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As of January 31, 2021, this tutorial references legacy products that no longer represent Cloudera’s current product offerings.

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We should now have some understanding of the benefits that Schema Registry provides a modern data architecture. Let's take a closer look at the main components that make up the registry.


Main Components

Schema Registry has the following main components:

Schema Registry Architecture

Component Description
Registry Web Server Web Application exposing the REST endpoints you can use to manage schema entities. You can use a web proxy and load balancer with multiple Web Servers to provide HA and scalability.
Schema Metadata Storage Relational store that holds the metadata for the schema entities. In-memory storage and mySQL databases are supported.
Serdes Storage File storage for the serializer and deserializer jars. Local file system and HDFS storage are supported.
Schema Registry Client A java client that HDF components can use to interact with the RESTful services.

Below is a graphic outlining how the different components come into play when sending and receiving messages affected by a schema.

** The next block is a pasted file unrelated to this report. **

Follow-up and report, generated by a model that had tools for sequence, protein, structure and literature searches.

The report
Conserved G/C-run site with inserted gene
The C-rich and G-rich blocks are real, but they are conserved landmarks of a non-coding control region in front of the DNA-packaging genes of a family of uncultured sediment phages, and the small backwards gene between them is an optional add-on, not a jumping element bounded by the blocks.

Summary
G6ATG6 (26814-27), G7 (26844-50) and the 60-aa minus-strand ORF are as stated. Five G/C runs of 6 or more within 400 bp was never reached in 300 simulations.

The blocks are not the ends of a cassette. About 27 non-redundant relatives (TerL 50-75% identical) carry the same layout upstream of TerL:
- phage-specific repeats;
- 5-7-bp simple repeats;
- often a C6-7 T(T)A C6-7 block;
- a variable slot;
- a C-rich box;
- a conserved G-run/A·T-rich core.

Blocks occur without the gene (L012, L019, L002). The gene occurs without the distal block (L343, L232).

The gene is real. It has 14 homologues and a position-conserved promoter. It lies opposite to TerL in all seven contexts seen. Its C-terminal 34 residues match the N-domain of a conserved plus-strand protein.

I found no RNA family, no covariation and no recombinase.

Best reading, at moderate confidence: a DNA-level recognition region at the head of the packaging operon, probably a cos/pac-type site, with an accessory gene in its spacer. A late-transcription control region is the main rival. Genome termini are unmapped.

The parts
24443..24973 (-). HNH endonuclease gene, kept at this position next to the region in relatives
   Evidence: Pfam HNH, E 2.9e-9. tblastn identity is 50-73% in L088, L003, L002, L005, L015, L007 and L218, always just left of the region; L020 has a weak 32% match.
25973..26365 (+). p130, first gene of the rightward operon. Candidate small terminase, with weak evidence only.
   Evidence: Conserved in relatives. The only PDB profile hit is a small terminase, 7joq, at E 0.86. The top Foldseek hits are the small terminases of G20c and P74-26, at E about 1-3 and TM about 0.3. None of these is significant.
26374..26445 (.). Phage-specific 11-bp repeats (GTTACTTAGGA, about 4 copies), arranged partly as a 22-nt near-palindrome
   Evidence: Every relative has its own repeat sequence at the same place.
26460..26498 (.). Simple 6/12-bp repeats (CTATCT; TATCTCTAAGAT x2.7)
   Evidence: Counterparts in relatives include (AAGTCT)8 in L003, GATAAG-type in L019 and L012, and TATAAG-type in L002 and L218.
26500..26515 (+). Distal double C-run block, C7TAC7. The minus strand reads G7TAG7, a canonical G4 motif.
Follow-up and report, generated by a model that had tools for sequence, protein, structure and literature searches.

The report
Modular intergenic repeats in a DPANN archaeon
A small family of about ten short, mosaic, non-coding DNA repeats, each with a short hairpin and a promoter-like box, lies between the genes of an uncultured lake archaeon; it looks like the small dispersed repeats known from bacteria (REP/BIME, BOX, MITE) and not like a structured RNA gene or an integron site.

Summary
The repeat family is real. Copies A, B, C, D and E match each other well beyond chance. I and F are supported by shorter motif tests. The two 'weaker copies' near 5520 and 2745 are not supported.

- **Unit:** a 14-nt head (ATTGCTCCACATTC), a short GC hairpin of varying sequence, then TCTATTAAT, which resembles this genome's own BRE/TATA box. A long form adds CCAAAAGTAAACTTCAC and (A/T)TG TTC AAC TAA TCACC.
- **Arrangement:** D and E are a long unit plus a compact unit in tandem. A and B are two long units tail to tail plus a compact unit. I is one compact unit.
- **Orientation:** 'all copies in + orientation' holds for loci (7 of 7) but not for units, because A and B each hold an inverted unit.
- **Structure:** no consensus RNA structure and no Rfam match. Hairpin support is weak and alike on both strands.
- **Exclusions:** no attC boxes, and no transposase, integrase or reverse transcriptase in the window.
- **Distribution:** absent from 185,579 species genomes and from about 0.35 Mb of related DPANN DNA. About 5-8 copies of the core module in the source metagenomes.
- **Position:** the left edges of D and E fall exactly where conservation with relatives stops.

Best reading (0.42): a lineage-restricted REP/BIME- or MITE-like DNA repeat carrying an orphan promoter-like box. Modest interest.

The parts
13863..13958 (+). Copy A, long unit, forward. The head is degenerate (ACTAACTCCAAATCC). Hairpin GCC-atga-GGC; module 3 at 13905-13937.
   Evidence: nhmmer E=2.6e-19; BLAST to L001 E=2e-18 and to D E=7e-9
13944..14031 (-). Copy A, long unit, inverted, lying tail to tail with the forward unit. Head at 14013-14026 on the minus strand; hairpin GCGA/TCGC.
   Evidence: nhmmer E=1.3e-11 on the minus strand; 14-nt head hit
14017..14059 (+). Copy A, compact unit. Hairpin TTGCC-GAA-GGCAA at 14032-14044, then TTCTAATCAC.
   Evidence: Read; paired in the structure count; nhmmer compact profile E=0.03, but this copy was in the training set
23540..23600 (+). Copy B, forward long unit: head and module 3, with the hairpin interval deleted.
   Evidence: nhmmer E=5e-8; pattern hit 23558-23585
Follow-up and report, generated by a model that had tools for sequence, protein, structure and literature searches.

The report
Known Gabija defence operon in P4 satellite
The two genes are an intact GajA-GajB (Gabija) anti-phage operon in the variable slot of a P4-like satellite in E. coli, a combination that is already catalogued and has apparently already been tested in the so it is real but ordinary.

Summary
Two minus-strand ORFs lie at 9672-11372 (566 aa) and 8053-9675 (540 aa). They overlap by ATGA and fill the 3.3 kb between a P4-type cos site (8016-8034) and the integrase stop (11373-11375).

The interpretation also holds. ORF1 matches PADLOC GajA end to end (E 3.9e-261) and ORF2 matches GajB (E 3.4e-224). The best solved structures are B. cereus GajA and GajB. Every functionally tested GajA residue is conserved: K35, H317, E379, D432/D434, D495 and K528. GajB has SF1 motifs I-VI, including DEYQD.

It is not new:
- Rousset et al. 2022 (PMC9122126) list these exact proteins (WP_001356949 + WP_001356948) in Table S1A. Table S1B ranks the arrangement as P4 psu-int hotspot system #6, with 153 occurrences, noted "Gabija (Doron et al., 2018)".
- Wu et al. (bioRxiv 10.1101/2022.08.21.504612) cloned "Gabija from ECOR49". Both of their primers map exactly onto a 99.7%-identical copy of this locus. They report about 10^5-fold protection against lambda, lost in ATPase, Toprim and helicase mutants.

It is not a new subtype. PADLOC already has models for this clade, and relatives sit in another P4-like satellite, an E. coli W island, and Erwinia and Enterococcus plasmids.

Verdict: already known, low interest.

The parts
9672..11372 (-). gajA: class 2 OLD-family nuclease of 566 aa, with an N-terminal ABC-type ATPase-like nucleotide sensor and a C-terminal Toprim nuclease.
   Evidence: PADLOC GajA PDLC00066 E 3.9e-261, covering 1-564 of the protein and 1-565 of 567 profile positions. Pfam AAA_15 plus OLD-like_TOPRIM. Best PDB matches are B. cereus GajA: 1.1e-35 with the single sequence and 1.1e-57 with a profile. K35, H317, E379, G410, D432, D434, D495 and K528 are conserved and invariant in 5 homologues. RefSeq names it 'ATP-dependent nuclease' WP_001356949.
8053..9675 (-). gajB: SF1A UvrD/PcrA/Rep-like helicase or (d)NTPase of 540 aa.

Schema Registry Sender and Receiver Flow

Schema Entities

Schema Registry can be seen as being made up of different type of metadata entities.

Schema Registry Entities

Entity Description Example
Schema Group A logical grouping of similar schemas. A Schema Group can be based on any criteria you have for managing schemas. Schema Groups can have multiple Schema Metadata definitions. The group name trucking_data_truck or trucking_data_traffic
Schema Metadata Metadata associated with a named schema. A metadata definition is applied to all the schema versions that are assigned to it. Key metadata elements include: Schema Name, Schema Type, Description, Compatibility Policy, Serializers/Deserializers
Schema Version The versioned schema (the actual schema text) associated with a schema metadata definition. (Schema text example in following sections)

Integration with HDF

When Schema Registry is paired with other services available as part of the Cloudera DataFlow (CDF), integration with Schema Registry is baked in.

Component Schema Registry Integration
NiFi New processors and controller services in NiFi interact with Schema Registry. This allows creating flows using drag-and-drop processors that grant the benefits mentioned in the previous section without writing any code.
Kafka A Kafka serializer and deserializer that uses Schema Registry is included with Kafka, allowing events to be marshalled and unmarshalled automatically.
Streaming Analytics Manager (SAM) Using a drag-and-drop paradigm to create processing jobs, SAM will automatically infer schema from data sources and sinks, ensuring that data expected by connected services are compatible with one another.

Next: Using the Web Interface

Now that we have some understanding of what Schema Registry looks like under the hood, let's take it for a ride and poke around its web interface. The interface makes it easy to create and modify schemas for any application running on our cluster.

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